Senate District 48: Candidate Q&A
Candidates for this office were offered a questionnaire on education issues by The Parents’ Campaign. See below for responses received to date.
1. What is your experience with K-12 public schools, personally and/or with your children or family? I have enormous admiration and gratitude for our public schools. I have teachers throughout my family, and my son has worked as a coach and teacher. As a child, my home life was very dysfunctional so I couldn’t wait to get to school each day. My public school teachers saved me, in many ways.
2. Do you agree that the Mississippi Adequate Education Program (MAEP) should be fully funded every year? If yes, what actions will you take to ensure full funding? If no, explain why. It should almost go without saying that MAEP should be fully funded first thing every legislative session. Then and only then other priorities could be budgeted, and later any proposed tax cuts and other extraneous expenditures could be considered.
3. What will you do to ensure state revenue that is sufficient to provide all of the services Mississippi’s citizens need to lead productive lives? 1) I would establish a moratorium on tax cuts for corporate entities and 2) I would ask PEER to advise legislators on the status of current real tax revenues, using actual figures and 3) I would allow and encourage our State Economist to provide the Legislature with factual information, like a realistic revenue estimate. If it sounds like I’m skeptical about information the current leaders have put out, it’s because I am.
4. Will you oppose vouchers that send taxpayer dollars to private schools, religious schools, home schools, or virtual schools? Why or why not? I am opposed to vouchers for a litany of reasons. I cannot imagine anything that could change my mind on this issue. On the Coast, the majority of people appreciate the results of investing in our public schools, from Pass Christian to Ocean Springs. A community prospers or declines in proportion to it’s participation in our public school system.
5. Do you agree that all K-12 schools that receive taxpayer dollars, including private voucher schools, should be accountable to taxpayers for the quality of education they provide, using the same accountability measures as public schools? All taxpayer dollars should be accounted for. The Legislature should phase out funding for other entities. That would solve the accountability problems, and in my opinion that’s the best way to do it.
6. Public schools serve the vast majority of Mississippi students with disabilities. Do you agree that special education services in public schools should be fully funded every year? (Special education has been underfunded by the state every year since 2008.) If yes, how will you accomplish full funding? If no, explain why. Of course it is a drain on most public schools to provide special education services without additional funds for those services. Right now is a bad time in our country to look to federal funding for much of anything. I believe that will change if the voters manage to elect a new President in 2020.
7. Do you agree that Mississippi should provide high quality early childhood education statewide? Yes, I do. Early childhood education could be the great equalizer for children across our state. When children are penalized for lack of preparation for their K-12 experience, our entire population is penalized.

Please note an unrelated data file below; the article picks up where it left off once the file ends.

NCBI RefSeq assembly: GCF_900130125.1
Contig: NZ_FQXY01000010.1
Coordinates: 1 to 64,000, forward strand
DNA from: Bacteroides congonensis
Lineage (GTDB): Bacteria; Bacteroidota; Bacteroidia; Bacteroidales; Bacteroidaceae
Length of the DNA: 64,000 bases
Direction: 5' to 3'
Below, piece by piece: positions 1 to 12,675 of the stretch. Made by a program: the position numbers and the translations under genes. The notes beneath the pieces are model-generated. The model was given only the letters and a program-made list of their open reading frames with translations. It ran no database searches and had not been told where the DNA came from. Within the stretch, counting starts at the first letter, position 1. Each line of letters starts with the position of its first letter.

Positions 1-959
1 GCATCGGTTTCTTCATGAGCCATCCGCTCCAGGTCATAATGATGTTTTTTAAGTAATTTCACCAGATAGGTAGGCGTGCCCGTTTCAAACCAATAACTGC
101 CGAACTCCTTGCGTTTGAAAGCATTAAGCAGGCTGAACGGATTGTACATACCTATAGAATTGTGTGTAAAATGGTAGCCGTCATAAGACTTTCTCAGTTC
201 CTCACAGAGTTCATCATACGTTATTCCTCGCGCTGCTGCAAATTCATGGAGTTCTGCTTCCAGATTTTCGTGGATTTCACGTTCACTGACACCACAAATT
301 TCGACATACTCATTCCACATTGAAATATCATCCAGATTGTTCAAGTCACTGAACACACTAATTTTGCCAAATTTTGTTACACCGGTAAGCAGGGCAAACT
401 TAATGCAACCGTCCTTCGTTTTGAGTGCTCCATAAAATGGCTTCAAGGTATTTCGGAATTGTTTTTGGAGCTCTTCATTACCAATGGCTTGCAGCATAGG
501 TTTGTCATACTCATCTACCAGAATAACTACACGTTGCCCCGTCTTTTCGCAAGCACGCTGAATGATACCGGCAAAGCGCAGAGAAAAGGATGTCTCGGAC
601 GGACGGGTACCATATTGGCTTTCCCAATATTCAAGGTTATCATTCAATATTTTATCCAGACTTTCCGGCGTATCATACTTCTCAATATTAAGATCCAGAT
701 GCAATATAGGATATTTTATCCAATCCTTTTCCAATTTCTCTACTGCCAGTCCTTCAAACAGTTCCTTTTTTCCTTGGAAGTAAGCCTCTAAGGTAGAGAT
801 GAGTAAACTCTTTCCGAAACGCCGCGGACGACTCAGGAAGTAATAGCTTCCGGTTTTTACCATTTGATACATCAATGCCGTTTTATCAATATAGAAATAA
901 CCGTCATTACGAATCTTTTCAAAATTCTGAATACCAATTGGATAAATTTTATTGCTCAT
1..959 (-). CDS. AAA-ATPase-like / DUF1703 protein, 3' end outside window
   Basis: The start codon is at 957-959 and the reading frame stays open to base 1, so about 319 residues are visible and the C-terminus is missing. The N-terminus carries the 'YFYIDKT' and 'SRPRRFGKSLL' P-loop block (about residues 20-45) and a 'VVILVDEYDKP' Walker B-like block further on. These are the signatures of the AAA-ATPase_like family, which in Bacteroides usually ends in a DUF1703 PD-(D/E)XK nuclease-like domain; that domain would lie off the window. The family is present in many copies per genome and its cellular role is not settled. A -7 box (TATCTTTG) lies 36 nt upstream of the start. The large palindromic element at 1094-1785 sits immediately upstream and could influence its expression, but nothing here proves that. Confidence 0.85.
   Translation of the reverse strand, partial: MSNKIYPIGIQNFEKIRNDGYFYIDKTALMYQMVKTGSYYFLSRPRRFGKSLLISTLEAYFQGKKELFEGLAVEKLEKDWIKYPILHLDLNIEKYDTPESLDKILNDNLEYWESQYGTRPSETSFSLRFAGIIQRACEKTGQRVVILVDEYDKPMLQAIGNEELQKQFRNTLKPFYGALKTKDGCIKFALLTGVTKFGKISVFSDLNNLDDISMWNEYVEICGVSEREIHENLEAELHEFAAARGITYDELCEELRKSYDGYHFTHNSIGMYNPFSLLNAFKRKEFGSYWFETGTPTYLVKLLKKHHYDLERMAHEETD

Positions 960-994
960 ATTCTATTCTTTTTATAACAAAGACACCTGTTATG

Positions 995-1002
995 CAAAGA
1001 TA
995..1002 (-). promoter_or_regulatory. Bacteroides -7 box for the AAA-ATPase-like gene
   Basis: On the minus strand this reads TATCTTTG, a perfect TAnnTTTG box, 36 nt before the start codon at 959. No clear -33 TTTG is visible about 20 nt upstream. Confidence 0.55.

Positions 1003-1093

8. The nation’s top teachers say that the greatest barriers to school success for K-12 students are family stress, poverty, and learning and psychological problems. What steps do you believe legislators should take to alleviate these obstacles for Mississippi children? Support for early childhood assistance is crucial. Unfortunately the current majority in the Legislature opposes investment in our youngest citizens. They don’t understand how important it is. I would like to see more funding non-profit organizations like Annie E. Casey and their Kids Count project.
9. Do you support raising teacher salaries at least to the level of our neighboring states and raising pay for teacher assistants? Yes! I’m embarrassed for the Legislature’s failure to pay our teachers or staff properly. I believe this is in large part due to sexism among legislators (mostly male), while teachers (mostly female) endure disregard and contempt.
10. Do you agree that retired educators (and other retired state employees) should be able to draw their retirement while serving in the Legislature? I hope we settled this during the last legislative session, but I suppose new legislation could change this. Again, I must point to the so-called legislative leadership who prefer to exclude certain knowledgeable candidates from public office. I certainly believe retirees should be able to serve and of course should be able to draw retirement. They earned it.
11. Legislators have little or no staff to help them understand the many bills they must consider. Before introducing or supporting a bill that could affect public education, will you commit to seeking input from teachers, principals, superintendents, and parents of public school students in your district? Who will be advising you on education policies? This is the time for me to confess that education policy is not my area of expertise. I depend heavily on guidance from my colleagues like Senator David Blount and Representative Sonya Williams-Barnes for their recommendations on education policy.
12. Legislators receive tremendous pressure from the leaders of their chamber (House or Senate), state and party leaders, and corporate lobbyists, to vote in ways that may contradict the will of their constituents and harm their communities. How will you respond to this pressure? I have a 20 year voting record that shows I do not respond well to pressure tactics. It’s been a real long time since anyone tried to threaten me or my vote.